Kirsty Muir made it to another Olympic final with her favorite Artic Monkeys song in her headphones.
and the lyric “In the middle of an adventure, a perfect place to start” never seemed more appropriate.
These Games have been tough for Team GB, medals have been a bit like snow – distinctly rare.
Indeed with five days of competition to come the scorers have not yet been troubled, raising the prospect of a first Olympics without a medal in three decades… no pressure then Bruce Mouat in men’s curling.
This investigation will begin soon enough, but there is no doubt that Muir will survive unscathed, the undisputed groundbreaking act of Team GB’s Beijing Travelers.
Freestyle skier Muir will be back in school next week but admits she has learned great lessons from her first Olympic experience as the youngest member of Team GB, aged just 17, followed her fifth place in the Big Air with an eighth in the women’s slopestyle.
Muir’s silver medal at the Youth Olympic Games in Lausanne two years ago underlined his potential, it was an impressive big graduation.
“I was happy to make another final, but the general feeling is probably still one of disappointment,” said Muir, whose exploits in Beijing are shown live on Discovery+, Eurosport and the Eurosport app.
“The girls up there broke it, but I was really hoping I could be in the running too.
“I learned a lot and I have a lot to work on, this sport is changing at such a fast pace and it gives me the motivation to keep training hard.”
With her millions of social media followers, China’s Eileen Gu, who took silver in slopestyle to add gold to Big Air, is helping to raise the profile of the sport.
Muir was again the youngest in this Olympic final, but Gu is only a few months older – and will be the one to chase as the Olympic countdown resets at Milano-Cortina in four years.
“I think we can definitely get more people to see our sport and get involved,” Muir said. “I really hope some young people can get involved in it, I hope it may have inspired them.”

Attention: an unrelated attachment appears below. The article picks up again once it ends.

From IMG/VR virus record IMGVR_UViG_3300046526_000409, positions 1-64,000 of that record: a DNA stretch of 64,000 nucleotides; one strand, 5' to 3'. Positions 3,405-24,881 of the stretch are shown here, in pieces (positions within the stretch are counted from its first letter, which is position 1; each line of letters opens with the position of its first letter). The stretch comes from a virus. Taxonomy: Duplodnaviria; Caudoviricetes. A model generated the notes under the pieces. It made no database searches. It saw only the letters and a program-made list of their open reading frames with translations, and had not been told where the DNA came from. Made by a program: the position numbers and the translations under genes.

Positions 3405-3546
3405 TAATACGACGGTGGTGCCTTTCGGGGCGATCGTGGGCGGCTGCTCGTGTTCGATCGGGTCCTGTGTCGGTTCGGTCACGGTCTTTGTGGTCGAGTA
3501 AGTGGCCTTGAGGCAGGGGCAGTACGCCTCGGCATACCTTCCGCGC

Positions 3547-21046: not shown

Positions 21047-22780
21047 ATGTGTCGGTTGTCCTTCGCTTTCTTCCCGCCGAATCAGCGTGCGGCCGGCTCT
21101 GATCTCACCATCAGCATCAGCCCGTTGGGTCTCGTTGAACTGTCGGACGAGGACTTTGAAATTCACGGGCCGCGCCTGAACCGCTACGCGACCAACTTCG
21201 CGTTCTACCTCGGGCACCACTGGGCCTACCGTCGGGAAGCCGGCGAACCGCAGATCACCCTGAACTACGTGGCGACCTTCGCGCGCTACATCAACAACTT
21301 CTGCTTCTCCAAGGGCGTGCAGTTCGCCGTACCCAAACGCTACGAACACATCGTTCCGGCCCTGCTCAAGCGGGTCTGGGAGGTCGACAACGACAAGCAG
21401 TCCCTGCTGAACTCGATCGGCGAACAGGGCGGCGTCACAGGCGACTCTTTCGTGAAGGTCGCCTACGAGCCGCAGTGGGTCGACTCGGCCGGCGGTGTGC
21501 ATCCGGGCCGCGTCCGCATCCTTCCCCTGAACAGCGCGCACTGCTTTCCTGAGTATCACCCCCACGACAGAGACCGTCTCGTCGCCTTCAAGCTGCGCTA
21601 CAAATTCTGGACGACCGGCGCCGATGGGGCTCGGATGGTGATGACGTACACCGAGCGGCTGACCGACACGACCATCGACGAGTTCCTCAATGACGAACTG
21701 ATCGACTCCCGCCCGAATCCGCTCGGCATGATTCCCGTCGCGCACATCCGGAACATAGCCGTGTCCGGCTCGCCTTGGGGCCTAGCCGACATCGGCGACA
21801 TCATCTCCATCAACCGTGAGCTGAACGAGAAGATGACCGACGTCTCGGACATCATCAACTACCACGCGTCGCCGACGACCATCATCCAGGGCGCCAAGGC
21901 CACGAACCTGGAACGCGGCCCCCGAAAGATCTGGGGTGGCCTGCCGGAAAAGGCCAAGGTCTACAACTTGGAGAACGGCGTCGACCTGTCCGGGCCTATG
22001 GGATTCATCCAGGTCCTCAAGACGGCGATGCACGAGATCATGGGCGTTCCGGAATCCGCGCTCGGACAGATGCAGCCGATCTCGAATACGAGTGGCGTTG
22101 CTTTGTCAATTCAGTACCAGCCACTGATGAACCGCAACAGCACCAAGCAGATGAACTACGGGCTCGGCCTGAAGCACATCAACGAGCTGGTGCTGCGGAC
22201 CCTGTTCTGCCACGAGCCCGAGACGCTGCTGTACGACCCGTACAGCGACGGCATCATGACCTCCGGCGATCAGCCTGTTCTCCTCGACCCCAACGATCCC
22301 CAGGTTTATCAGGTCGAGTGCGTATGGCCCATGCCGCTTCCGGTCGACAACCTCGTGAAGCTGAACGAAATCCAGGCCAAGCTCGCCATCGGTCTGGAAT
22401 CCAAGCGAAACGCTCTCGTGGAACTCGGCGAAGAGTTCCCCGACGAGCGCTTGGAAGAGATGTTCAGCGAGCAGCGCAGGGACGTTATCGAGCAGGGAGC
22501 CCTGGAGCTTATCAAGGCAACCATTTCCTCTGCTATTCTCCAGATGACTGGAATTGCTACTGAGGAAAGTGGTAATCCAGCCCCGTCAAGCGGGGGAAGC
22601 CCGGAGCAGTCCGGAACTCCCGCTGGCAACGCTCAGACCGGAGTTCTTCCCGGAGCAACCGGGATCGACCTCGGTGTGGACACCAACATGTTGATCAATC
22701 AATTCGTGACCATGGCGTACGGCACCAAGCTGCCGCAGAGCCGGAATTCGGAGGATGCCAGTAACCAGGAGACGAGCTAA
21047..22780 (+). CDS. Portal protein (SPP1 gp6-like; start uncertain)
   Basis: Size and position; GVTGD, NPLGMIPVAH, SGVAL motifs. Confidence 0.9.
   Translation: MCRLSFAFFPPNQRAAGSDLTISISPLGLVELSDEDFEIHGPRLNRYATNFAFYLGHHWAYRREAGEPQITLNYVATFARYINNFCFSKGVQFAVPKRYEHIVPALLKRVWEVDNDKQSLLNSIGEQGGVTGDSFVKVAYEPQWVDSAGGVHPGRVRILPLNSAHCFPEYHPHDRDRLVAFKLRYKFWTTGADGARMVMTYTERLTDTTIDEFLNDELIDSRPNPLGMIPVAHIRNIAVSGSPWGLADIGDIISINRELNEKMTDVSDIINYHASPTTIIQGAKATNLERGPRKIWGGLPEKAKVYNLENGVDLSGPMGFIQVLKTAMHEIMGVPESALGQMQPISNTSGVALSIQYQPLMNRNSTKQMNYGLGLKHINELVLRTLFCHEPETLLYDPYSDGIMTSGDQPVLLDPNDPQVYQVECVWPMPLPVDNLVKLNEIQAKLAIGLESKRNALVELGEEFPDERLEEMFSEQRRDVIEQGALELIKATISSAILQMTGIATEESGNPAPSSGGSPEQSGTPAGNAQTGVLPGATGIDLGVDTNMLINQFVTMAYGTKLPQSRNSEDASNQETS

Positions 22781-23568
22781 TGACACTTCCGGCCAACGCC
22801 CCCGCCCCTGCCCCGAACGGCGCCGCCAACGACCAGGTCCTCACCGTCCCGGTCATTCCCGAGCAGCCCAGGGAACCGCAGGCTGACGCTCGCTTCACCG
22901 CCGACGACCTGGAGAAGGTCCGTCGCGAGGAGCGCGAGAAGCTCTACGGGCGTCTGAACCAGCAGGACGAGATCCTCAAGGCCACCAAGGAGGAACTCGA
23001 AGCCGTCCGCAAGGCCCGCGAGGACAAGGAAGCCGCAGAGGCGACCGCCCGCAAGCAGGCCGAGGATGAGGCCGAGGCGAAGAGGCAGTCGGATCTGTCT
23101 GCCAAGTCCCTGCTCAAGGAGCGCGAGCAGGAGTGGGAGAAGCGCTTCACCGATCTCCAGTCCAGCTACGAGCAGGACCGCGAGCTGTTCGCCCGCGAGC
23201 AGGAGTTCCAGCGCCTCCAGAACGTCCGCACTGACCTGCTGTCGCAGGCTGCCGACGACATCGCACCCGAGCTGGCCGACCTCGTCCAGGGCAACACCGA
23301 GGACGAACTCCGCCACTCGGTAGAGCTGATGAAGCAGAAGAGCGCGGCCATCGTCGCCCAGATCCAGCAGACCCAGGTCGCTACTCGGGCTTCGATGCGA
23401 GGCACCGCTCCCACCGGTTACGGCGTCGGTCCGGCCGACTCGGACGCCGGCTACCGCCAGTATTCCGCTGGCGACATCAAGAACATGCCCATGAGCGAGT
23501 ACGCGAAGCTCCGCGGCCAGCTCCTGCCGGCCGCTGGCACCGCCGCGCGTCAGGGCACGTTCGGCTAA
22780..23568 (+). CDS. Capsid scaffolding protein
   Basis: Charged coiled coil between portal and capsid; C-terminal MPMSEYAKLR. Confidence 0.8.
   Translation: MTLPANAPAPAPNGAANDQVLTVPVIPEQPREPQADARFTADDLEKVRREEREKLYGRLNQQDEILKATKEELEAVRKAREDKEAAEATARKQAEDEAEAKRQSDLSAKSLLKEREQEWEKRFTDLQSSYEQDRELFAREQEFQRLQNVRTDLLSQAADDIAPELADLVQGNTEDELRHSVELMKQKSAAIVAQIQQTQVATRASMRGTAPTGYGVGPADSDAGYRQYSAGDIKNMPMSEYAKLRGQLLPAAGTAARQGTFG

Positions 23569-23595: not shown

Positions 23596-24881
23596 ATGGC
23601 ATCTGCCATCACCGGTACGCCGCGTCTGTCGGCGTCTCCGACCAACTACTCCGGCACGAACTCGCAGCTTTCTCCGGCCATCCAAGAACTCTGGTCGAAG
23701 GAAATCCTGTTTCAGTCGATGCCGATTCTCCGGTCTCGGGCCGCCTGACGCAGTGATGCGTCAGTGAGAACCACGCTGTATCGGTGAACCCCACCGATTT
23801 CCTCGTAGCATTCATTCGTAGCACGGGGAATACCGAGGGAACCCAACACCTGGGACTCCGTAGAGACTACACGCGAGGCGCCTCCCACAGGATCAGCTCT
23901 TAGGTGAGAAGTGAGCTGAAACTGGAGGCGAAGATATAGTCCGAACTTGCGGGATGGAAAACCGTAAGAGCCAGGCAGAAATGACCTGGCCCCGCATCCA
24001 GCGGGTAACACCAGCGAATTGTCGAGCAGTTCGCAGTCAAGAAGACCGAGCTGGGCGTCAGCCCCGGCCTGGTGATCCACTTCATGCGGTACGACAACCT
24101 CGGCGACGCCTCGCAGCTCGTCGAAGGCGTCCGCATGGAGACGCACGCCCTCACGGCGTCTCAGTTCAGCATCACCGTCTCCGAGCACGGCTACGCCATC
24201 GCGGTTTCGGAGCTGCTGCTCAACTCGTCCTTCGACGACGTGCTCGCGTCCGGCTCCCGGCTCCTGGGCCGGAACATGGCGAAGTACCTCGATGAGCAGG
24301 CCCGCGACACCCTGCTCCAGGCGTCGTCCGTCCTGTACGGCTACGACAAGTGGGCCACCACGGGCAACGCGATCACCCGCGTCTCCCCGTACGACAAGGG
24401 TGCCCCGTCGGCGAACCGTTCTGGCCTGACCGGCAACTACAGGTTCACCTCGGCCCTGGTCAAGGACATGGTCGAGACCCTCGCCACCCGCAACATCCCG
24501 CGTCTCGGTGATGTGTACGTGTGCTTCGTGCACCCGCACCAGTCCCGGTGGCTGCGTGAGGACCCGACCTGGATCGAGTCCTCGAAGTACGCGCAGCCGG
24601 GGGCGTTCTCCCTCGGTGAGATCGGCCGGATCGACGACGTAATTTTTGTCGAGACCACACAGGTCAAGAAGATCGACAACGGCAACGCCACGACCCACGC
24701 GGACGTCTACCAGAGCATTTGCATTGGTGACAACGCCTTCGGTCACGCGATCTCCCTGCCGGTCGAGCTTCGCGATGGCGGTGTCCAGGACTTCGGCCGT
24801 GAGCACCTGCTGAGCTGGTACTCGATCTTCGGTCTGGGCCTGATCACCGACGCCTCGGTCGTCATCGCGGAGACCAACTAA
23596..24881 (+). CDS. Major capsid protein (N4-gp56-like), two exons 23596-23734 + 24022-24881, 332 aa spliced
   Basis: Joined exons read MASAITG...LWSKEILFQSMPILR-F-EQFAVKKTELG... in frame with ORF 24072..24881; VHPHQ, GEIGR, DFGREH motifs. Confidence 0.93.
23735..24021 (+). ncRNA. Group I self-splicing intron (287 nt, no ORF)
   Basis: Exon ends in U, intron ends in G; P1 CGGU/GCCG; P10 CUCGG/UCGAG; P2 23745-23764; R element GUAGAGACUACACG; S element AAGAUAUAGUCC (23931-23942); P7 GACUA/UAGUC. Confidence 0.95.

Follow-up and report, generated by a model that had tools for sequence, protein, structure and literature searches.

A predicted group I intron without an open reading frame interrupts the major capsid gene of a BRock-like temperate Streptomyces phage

Muir expects her to be back at Bucksburn Academy, where she is pursuing her graduate studies, next week.
From flying high at the Olympics and being tweeted on social media by Judy Murray, it’ll be back down to earth with a bump.
“I have a lot of work to catch up on,” she added.
“It’s my last year at school and I think I could take a year off to focus on my skiing, we’ll see.”
After two seventh-place finishes in her previous Olympic finals, her teammate Katie Summerhayes was still smiling after finishing one place behind Muir in ninth, Switzerland’s Mathilde Gremaud winning gold.
“I thought I could get on that podium,” she admitted.
“But what changed for me is just that I had so much fun, it was a different vibe for me. I wanted to go out and have fun and I feel like I did.
“The last two Olympics I’ve been in tears deep down and I’m absolutely cheesin’ now, so I’m really happy.”
Summerhayes, now 26, knows what it’s like to be dubbed the ‘next big thing’ after becoming the youngest British woman to win a World Cup skiing medal at the age of 19 years old.
But she’s no doubt that Muir has what it takes.
“She can definitely be up there on the podium,” she added. “She just needs to keep training and keep enjoying it. She knows exactly what she needs to do.”
Watch all the Beijing 2022 Winter Olympics live on discovery+ Eurosport and Eurosport app